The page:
- The Washington Times - Thursday, March 27, 2008

Yielding to McCain

The NFL and NBC likely will move up the time of the league’s September season opener so it won’t conflict with presidential nominee John McCain’s acceptance speech at the Republican National Convention, the Hollywood Reporter says.

Since 2002, the NFL has held its season opener on the first Thursday night after Labor Day. This year, the game runs smack into the final night of the convention, when Mr. McCain will officially accept the nomination and give a nationally televised speech from Minneapolis.

While the NFL has yet to announce its schedule for the 2008 season, it apparently is not going to shy away from having its season opener on the scheduled day, with the game likely featuring the Super Bowl champion New York Giants. So, the NFL and NBC have agreed in principle to have the kickoff at 7 p.m. EDT instead of the traditional 8:30 p.m. That would mean, except in the event of overtime, that the game would end before NBC’s expected one hour of convention coverage for the night.

There have been no firm decisions on how long NBC or the other broadcast networks will cover the conventions, which often are little more than ceremonies and speeches with no unexpected news. In recent years, the broadcast networks have stuck to about an hour of prime time — at 10 p.m. — for each convention night, the Hollywood Reporter notes.

In August 2000, ABC asked the NFL to start an exhibition game at 7 p.m. instead of 8 so ABC could carry an hour of coverage from the Democratic National Convention beginning at 10 p.m. The league agreed.

The NFL schedule is announced in two parts, the first in late March or early April coinciding with the annual owners meeting and the second at a later date. The NFL owners meeting begins Monday.

New ‘Tudors’ on Web

Showtime is using new media to showcase its historical retelling of the Henry VIII tale. The pay TV channel will stream the second-season opener of its drama “The Tudors” today on YouTube, three days before Sunday’s premiere, Multichannel.com reports.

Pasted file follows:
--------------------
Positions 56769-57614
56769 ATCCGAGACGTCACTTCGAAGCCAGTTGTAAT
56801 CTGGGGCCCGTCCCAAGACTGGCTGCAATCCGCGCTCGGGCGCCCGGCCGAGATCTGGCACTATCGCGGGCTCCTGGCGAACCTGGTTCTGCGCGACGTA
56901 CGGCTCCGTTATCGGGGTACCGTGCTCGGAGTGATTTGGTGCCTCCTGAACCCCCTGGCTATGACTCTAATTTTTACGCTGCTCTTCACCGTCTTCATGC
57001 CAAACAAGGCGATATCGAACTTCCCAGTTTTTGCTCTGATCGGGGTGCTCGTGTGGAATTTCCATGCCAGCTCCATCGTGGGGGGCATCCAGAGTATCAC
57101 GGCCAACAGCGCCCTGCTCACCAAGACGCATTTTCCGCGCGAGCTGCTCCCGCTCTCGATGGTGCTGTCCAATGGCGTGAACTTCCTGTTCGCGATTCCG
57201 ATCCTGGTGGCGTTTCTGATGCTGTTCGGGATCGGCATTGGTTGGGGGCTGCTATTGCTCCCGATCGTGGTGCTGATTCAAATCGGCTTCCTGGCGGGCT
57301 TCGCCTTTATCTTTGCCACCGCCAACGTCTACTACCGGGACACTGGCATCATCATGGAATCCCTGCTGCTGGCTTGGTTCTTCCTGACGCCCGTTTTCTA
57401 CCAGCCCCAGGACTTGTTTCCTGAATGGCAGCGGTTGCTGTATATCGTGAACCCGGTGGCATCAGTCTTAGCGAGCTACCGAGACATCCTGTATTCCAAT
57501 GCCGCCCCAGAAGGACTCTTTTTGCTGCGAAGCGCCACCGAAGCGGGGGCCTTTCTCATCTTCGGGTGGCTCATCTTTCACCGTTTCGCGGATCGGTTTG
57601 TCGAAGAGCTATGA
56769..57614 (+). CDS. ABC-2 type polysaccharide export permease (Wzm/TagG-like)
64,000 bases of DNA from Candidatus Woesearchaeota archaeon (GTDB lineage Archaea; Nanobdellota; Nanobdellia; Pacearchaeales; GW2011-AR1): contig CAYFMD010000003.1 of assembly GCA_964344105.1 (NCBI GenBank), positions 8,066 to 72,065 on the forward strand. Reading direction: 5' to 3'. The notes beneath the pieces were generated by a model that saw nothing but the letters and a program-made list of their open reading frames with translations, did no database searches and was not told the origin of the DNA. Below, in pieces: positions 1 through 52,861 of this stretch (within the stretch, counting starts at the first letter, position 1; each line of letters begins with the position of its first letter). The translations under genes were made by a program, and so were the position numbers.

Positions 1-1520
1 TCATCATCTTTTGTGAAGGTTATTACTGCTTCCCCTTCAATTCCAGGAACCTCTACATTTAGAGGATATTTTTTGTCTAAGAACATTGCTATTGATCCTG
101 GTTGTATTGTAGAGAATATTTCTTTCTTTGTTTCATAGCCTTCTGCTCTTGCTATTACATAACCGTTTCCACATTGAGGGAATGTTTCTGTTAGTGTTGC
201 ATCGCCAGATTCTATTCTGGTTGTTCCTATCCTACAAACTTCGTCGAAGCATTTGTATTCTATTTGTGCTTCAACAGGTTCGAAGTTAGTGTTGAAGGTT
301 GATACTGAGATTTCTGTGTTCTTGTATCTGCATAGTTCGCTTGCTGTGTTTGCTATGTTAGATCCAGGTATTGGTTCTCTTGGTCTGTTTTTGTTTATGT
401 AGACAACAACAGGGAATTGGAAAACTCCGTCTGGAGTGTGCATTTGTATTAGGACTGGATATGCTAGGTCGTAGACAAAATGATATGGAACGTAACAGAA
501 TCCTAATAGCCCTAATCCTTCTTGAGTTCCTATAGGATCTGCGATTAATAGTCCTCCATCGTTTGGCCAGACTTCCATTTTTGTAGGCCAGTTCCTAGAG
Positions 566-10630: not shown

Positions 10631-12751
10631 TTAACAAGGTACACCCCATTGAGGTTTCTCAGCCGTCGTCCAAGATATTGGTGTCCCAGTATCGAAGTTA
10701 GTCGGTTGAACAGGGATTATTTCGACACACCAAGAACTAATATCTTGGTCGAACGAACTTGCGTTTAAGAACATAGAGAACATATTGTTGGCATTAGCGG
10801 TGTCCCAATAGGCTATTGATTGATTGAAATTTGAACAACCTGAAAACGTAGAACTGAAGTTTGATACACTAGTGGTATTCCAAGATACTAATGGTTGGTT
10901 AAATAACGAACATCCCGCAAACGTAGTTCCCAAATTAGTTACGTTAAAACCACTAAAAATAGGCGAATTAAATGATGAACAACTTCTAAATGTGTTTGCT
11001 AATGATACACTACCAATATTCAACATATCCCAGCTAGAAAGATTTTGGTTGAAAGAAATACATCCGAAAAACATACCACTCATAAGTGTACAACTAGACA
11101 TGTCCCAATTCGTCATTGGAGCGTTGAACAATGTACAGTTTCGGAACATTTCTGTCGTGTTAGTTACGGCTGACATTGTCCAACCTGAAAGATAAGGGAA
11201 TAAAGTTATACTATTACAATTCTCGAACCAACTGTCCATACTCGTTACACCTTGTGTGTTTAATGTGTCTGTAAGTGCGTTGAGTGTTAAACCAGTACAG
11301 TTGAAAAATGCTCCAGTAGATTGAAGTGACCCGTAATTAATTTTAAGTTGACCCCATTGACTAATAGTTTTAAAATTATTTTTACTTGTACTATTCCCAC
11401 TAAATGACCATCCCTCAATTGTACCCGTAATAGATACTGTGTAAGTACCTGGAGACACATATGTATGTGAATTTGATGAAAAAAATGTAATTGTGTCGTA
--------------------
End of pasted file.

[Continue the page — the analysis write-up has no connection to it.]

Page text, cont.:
The premium cable network will air an edited TV-MA version of the series on YouTube, marking the first time a cable network has aired an original series episode in its entirety on the popular social networking site.

Bob is back

Bob Newhart will return to television in August as the star of “Herb’s Murders,” a two-hour original telefilm on the Hallmark Channel, the Hollywood Reporter says.

In “Murders,” Mr. Newhart, 78, will play a Los Angeles detective who investigates a publisher’s killing along with his daughter, also a police officer. The project is one of several announced Tuesday during Hallmark Channel’s presentation at the Museum of Modern Art.

Other projects announced include: “The Ride of Her Life,” with former “7th Heaven” star Stephen Collins; “Thanksgiving Reunion,” headlined by Jacqueline Bisset, which will air in November; and “Ladies of the House,” about three women (Pam Grier, Florence Henderson and Donna Mills) who work on a home renovation project sponsored by their church.

‘Feud’ returns

Survey says: “Family Feud” is heading to prime time.

According to Variety, NBC and “American Idol” producer FremantleMedia North America are prepping a celebrity edition of the classic quizzer and are fast-tracking it for broadcast as soon as this summer. Though the “Feud” format is more than 30 years old, the series has never aired as a regular prime-time network show.

Both NBC and Fremantle are keeping a tight lid on details surrounding the prime-time “Feud,” with casting just getting under way, Variety says.

Though it’s possible the show could cast celebrity families such as the Baldwin brothers or the Lohan clan, producers also may take a page from “Feud” history and use the casts of TV shows and movies (think the “Lost” castaways versus the “Heroes” gang). During its original run, “Feud” often featured theme weeks in which stars of, say, “Baywatch” or “American Gladiators” competed against each other, Variety notes.

Justin, Brian to host

Justin Timberlake is hosting an awards show — and it’s not the Grammys.

According to Associated Press, ESPN has lined up the 27-year-old singer-actor to host its annual ESPY Awards show this summer, celebrating some of the best and funniest moments in sports during the past year.

The ceremony, scheduled to take place July 20 at the Nokia Theatre L.A. Live in Los Angeles, will be televised live on ESPN, the network said yesterday.

Elsewhere, “NBC Nightly News” anchor Brian Williams has been tapped to host the 67th annual Peabody Awards, TVWeek.com says.

The Peabodys, which recognize “excellence and meritorious work” by organizations and individuals in media, will be presented June 16 at the Waldorf Astoria in New York. Winners of the 2007 Peabody Awards — honored in the categories of original broadcast, cablecast and Webcast programs — will be announced Wednesday via Webcast and satellite from the University of Georgia.

Compiled by Robyn-Denise Yourse from Web and wire reports.

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